While tornadoes can occur in the United States during any month, weather conditions produce a peak season that runs through October. In areas of the country subject to the harshest storms, winds can far exceed those of even the strongest hurricanes, averaging between 110-205 mph.
Try these nine tips from the Hanover Insurance group to get ready:
1) Make an evacuation and communication plan so that when a tornado watch is issued, you’re ready. In many cases, you’ll have only minutes to get to a storm shelter, the basement, or to an inner windowless room or interior hall.
2) Create an emergency preparedness kit that has what you need to live in your home for awhile, even if it’s wrecked or if you’re without electricity and water. The kit should contain a week’s worth of non-perishable food, bottled water, paper plates and cups, eating utensils, medicines, first aid handbook and bandages, blanket, a radio, batteries, flashlight, soap and toiletries, bleach for disinfecting, and spare clothing. Store the kit in the basement or other safe area.
3) Have debris removal tools on hand. There may be a significant amount of debris following a tornado that will have to be moved just to exit your structure. Some of this will be splintered wood and glass. With this in mind, store helpful items — including heavy soled shoes, gloves, eye protection, and a small shovel to safely move debris. This should be kept in the same area as your survival kit.
4) Create a home inventory. Tornadoes can destroy your home and its contents. A proper home inventory helps you document and value your possessions. Photograph or shoot video of your entire home or business, including the contents of each room, and store these with a written inventory and serial numbers in a fireproof safe or safe deposit box. Automate the process using a free online inventory tool available at www.hanover.com.
5) Make sure you’re not over- or underinsured. It is always a good idea to review your home owners policy with your independent insurance agent, ensuring you have enough coverage for your contents and the physical structure as well. Also ask about other coverage that may be of value to you in the event of a tornado loss, such as reimbursement for temporary living expenses.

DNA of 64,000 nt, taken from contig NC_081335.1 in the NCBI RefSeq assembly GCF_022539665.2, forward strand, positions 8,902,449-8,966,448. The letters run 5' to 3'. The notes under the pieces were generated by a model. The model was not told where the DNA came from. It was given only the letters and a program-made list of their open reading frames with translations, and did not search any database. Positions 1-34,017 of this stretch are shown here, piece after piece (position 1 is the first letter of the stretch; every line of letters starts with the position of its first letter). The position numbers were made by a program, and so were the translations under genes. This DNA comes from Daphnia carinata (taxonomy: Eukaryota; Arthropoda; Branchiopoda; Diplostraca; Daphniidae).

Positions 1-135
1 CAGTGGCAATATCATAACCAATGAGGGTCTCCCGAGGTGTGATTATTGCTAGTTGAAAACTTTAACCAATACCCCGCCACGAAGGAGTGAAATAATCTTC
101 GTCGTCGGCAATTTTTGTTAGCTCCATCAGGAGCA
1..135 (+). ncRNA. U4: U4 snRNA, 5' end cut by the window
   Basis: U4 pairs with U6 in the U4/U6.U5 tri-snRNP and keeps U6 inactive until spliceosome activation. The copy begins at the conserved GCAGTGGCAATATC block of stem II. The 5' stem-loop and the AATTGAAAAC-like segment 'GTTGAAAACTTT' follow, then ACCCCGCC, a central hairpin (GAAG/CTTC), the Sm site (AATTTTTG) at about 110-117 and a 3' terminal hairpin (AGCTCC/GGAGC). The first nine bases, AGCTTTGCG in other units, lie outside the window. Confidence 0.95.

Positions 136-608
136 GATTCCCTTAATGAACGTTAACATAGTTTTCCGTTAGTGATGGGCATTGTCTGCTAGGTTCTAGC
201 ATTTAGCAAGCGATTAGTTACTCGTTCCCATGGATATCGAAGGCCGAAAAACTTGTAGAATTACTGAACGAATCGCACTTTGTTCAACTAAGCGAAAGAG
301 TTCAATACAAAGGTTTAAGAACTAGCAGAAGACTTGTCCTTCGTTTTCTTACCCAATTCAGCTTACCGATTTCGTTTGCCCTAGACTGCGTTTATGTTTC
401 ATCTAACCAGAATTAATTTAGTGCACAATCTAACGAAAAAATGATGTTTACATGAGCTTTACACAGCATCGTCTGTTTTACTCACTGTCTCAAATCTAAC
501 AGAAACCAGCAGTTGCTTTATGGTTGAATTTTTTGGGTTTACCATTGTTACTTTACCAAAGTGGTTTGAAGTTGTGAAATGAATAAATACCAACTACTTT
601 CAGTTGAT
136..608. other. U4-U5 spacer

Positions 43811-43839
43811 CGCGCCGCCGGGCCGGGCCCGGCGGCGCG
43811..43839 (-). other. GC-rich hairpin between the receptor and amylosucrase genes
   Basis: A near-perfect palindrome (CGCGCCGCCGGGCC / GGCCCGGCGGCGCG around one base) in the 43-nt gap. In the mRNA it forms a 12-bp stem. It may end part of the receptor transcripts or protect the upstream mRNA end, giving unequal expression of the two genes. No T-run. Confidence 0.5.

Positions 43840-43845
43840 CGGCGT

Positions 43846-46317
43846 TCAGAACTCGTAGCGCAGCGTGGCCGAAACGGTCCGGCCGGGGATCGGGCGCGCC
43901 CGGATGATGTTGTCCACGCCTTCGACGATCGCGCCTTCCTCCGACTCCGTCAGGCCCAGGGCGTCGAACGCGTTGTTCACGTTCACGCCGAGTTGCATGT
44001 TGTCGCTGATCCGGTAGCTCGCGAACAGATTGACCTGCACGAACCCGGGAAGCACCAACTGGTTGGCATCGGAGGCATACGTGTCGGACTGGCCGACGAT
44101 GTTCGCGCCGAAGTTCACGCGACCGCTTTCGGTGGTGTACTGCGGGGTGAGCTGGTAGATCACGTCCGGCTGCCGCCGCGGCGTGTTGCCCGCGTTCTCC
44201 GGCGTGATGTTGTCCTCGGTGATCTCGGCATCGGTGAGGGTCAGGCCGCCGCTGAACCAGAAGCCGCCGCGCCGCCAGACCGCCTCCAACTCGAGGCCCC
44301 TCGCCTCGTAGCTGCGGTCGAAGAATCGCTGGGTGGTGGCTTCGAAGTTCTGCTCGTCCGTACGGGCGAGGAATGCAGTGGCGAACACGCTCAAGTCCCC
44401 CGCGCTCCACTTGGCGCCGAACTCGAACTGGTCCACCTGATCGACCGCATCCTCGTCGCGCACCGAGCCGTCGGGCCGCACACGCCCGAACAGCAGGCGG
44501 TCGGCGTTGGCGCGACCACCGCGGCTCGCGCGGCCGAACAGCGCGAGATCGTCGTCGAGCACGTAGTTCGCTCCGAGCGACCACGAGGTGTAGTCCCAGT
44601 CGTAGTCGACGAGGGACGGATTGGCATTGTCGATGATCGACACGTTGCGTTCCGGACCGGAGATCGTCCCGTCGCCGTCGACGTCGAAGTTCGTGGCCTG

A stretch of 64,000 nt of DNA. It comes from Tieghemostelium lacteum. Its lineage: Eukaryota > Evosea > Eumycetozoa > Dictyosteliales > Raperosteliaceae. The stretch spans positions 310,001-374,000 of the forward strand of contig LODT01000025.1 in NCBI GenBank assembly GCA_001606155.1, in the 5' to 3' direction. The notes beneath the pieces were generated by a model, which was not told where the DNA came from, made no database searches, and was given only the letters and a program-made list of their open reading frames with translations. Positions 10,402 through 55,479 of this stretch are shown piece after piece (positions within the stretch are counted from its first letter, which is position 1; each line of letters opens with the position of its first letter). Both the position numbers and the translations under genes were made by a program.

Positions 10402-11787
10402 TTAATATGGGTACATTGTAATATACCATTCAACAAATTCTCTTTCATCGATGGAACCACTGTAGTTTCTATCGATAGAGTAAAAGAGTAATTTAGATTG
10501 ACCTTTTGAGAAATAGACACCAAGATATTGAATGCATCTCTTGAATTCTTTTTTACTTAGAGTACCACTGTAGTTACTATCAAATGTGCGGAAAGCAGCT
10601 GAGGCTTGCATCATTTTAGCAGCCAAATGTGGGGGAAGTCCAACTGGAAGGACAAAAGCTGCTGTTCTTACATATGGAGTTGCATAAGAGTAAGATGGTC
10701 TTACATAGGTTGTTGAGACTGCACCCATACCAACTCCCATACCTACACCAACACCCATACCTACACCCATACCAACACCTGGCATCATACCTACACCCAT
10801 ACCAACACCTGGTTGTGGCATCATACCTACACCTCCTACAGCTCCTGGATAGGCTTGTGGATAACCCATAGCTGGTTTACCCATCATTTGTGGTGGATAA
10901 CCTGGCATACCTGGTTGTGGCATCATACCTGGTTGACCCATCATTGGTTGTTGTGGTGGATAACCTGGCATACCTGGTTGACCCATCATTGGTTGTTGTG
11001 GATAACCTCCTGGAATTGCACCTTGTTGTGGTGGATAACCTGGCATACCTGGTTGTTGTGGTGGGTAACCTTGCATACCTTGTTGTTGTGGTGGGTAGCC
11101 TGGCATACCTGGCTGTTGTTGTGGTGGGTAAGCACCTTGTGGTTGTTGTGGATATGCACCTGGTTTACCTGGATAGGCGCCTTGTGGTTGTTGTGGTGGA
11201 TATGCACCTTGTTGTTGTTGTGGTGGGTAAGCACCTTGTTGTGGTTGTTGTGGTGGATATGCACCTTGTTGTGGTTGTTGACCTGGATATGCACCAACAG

6) Create and share contact info. All family members should have the personal and business contact information (phone/email) for quick communications. Also ensure you have your agent and insurer’s claims office numbers stored in your mobile phone. After a storm, cell service may be more accessible than local land lines. Have important numbers on hand to help expedite your recovery after the storm.
7) Wait for official notice before returning home. If there is an evacuation after a storm, wait for official notice that it is safe to return to your home. When returning to your home, be cautious when entering a damaged structure. Stay away from damaged or weakened walls.
8) Take photographs and/or video documenting claim damage. Should your home or business be damaged in a tornado, take pictures of the entire scene and document all damage — provided it is safe. Try not to remove items until an insurance adjuster has had an opportunity to visit the property and assess the damage, but do what you need to do to protect your home from further damage, like putting a tarp over holes in your roof.
9) Keep an accurate record of any temporary repairs or expenses. If you do need to make temporary repairs to help preserve the remains of your home or personal property, keep all records to ensure that they may be considered in your claim.